One of the most pressing scientific challenges today is understanding the fate of our oceans and marine ecosystems under on-going climate change. Unfortunately, anthropogenic stressors act at a rate and magnitude that exceed recent natural variability, making the use of decadal ecological data and time-series insufficient for predictions of future behaviour of marine ecosystems. MICRO2MACRO will reconstruct snapshots of marine pelagic ecosystems between 54 and 32 million years ago (Eocene and early Oligocene), when climate and environmental conditions approximated what we will start to experience in the next century and beyond. Using the microfossil record of planktonic foraminifera (PF), the most complete of any Cenozoic eukaryote, the project will generate the first methodologically controlled (hence reproducible) early Cenozoic global dataset of ecology, abundance, species composition, diversity and biogeography (macroecology) of these prolific pelagic calcifiers. Benefiting from the mole of data generated over the last 15 years, I will learn and apply novel tools in data-science technology to compile ocean temperature and chemistry datasets for the studied time intervals and statistically compare them against the new PF dataset generated with this project. This study will combine the most advanced knowledge in several disciplines (micropaleontology, informatics, statistical ecology) to test for links between time-specific climate (e.g. sea surface temperatures) and ecosystem (e.g. species composition, dominant ecology) configurations, and understand how plankton biogeography was shaped in a warmer world. Hence, MICRO2MACRO will highlight future ecological and evolutionary analogues if the current climate trajectory remains interrupted and we are to hit climate conditions similar to those in the Eocene and Oligocene. Given the uncertainties associated with projections based on modern data this study will represent a major advancement in the field.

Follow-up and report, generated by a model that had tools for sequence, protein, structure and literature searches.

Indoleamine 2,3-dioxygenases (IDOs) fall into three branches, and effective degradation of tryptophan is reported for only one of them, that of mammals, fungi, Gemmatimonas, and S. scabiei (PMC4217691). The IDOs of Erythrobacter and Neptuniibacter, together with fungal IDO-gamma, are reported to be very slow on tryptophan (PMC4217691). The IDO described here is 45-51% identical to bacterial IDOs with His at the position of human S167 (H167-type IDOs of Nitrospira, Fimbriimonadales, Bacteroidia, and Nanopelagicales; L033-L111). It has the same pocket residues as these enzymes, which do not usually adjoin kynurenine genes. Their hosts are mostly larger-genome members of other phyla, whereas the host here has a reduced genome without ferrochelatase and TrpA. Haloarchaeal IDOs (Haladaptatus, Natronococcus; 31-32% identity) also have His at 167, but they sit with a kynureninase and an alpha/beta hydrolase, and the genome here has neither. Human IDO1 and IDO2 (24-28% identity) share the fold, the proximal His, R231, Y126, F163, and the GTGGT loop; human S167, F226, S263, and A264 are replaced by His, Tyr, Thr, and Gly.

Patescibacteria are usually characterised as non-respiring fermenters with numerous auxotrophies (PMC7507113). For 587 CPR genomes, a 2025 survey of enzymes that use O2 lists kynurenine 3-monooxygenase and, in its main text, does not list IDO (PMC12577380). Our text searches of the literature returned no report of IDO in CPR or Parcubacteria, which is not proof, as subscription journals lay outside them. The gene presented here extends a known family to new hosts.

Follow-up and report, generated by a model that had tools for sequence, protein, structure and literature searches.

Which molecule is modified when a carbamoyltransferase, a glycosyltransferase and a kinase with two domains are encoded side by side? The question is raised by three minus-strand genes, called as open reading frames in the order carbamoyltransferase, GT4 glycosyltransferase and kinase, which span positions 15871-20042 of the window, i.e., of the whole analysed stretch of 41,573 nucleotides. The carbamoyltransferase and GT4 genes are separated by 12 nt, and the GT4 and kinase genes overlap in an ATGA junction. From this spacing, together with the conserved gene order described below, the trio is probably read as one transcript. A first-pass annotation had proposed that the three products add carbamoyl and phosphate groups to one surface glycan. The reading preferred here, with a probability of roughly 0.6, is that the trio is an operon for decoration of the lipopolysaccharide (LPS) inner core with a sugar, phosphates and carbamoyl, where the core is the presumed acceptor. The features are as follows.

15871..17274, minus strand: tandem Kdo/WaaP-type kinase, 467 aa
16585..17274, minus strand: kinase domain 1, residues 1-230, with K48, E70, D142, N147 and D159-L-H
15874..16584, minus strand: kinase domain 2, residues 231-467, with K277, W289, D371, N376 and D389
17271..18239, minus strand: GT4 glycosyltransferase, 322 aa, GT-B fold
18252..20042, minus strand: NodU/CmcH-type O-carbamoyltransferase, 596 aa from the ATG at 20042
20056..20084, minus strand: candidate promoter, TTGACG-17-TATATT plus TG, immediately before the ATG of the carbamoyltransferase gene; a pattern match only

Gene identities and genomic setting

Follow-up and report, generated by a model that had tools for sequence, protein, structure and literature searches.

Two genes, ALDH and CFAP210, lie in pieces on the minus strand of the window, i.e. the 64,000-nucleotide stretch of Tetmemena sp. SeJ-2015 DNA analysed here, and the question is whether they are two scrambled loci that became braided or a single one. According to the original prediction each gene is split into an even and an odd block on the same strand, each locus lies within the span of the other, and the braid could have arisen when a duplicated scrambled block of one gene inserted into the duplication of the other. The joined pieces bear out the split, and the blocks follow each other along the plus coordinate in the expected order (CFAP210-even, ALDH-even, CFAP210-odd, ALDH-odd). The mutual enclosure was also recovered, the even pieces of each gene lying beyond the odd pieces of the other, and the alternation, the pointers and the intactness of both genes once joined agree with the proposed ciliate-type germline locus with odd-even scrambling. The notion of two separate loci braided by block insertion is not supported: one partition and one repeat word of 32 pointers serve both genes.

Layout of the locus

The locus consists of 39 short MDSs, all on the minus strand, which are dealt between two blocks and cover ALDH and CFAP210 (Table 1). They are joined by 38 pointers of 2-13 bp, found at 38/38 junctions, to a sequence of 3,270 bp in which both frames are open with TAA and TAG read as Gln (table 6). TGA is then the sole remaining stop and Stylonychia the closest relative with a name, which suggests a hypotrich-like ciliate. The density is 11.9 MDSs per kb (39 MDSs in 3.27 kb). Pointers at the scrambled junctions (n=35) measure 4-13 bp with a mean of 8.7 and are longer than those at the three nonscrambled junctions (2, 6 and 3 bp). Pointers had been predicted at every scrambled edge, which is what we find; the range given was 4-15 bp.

Fields of science
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